"The establishment of the Oversight Committee, vested with the authority envisaged, is being seen as an earnest effort by the parties and represent the last opportunity for the expeditious realisation of a reformed electoral system," Carberry declared.
"The Government has the responsibility for the timely mobilisation of needed resources, including finance, to ensure that nothing prevents the execution of the task which it is agreed must be undertaken under the direction of the Oversight Committee."
"It is necessary that there should be the immediate establishment and functioning of the Committee along with the early availability of an agreed work programme and budget for the completion of the reformed Constitution for adoption by the National Assembly."
Leader of The United Force (TUF), Mr Manzoor Nadir however, gave "reserved" support to the motion claiming it was a product of crafting only between the PNC and the governing People's Progressive Party Civic (PPP/Civic).
"The (motion) falls short of what I think is a definitive statement that the Constitution drafting committee be established," Nadir argued.
"But not to stymie the process...we're going to have to work within the confines of the generalities that have been proposed here to try and put them back on track, that the purpose of this Committee is drafting the new Constitution and getting it ready for a referendum."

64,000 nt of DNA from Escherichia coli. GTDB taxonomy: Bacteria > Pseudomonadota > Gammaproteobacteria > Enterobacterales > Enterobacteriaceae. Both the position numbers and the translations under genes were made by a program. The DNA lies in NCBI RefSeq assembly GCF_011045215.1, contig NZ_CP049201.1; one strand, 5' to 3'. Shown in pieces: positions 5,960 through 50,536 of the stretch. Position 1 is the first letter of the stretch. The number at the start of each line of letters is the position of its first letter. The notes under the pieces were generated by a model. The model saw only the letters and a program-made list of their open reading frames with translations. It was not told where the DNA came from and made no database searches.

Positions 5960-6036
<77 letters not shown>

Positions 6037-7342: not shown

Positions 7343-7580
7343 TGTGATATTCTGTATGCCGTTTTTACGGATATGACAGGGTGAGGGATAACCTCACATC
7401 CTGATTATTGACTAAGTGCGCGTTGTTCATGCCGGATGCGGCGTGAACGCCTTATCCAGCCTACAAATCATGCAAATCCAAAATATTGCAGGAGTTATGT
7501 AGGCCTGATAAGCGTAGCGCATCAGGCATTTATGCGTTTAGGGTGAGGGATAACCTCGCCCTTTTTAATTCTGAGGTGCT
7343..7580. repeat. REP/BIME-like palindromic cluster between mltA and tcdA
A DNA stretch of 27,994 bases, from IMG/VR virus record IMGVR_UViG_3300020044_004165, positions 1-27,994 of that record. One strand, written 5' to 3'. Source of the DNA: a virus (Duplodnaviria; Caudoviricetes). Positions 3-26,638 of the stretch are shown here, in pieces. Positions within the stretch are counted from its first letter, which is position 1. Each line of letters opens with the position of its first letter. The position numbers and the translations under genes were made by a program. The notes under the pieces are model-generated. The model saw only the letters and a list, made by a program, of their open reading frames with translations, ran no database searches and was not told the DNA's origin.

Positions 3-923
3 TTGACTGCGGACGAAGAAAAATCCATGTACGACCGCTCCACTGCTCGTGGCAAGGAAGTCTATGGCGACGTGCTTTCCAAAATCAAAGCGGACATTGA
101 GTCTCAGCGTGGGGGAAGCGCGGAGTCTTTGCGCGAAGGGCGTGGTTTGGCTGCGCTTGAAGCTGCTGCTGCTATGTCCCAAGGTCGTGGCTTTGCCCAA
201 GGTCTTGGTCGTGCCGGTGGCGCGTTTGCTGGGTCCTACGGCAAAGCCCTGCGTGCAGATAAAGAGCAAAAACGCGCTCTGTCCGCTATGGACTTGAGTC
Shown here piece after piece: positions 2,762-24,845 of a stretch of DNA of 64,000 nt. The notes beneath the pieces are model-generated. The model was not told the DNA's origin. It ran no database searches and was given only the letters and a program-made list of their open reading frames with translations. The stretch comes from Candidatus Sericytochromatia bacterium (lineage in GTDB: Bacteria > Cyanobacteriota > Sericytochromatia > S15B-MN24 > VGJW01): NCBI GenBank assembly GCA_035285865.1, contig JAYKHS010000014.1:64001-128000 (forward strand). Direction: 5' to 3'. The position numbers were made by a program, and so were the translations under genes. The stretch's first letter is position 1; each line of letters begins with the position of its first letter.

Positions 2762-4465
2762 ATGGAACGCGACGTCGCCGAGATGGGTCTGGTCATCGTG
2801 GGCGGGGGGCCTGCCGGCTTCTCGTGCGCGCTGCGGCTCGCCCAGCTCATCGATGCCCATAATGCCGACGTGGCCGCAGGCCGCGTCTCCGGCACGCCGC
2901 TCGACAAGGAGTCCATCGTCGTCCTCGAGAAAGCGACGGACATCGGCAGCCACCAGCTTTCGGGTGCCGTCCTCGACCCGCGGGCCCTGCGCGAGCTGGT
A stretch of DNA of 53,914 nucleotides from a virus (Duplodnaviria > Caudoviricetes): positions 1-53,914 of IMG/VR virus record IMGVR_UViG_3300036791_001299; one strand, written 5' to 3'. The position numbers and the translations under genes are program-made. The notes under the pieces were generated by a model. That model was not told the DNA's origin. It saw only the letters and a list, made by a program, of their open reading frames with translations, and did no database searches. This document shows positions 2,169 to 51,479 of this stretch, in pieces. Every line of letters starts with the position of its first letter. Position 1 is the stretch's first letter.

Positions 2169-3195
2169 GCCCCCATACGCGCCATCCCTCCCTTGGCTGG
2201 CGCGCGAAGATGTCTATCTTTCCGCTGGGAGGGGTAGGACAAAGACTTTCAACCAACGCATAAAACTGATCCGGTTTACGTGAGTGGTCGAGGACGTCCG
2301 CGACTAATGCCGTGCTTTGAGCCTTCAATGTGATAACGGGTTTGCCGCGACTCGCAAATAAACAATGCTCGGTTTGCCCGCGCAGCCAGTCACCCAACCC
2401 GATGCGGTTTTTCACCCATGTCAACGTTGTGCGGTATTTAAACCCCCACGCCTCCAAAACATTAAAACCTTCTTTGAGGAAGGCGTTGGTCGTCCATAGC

Dr Rupert Roopnaraine, leader of the Alliance For Guyana (AFG), supported the motion on the grounds that "it is another important step forward in what has been a very tortuous process." But, he said, he hopes it doesn't turn out to be a faltering step.
The AFG leader expressed concerns about the authority vested in the Oversight Committee, questioning whether it will have the jurisdiction to resolve those issues that weren't settled at the level of the Constitution Reform Commission and the Special Select Committee.
"If the Special Select Committee established by this House did not believe that it had the authority to settle questions that it passed on to this House to settle, will this Oversight Committee have the authority to do so?" Roopnaraine asked.
The 20-man Constitution Reform Commission sworn in on January 22, by then President Janet Jagan, met a July 17 deadline to present its report to Parliament, as provided for in two Caribbean Community (CARICOM) brokered "peace" agreements, signed last year between the governing PPP/Civic and the PNC.
These agreements were signed by Mrs Jagan and PNC leader, Mr Desmond Hoyte, amid rising tensions and violence sparked by anti-government street protests.
Fresh elections are projected by 2001, following the presentation of the Report and its consideration by Parliament.
A Special Select Committee also met an October 31 deadline to peruse the Report of the Commission and submit its review to the House.
Discussions on the membership of the Oversight Committee will take place this week, Persaud told the Chronicle.
A © page from: Guyana: Land of Six Peoples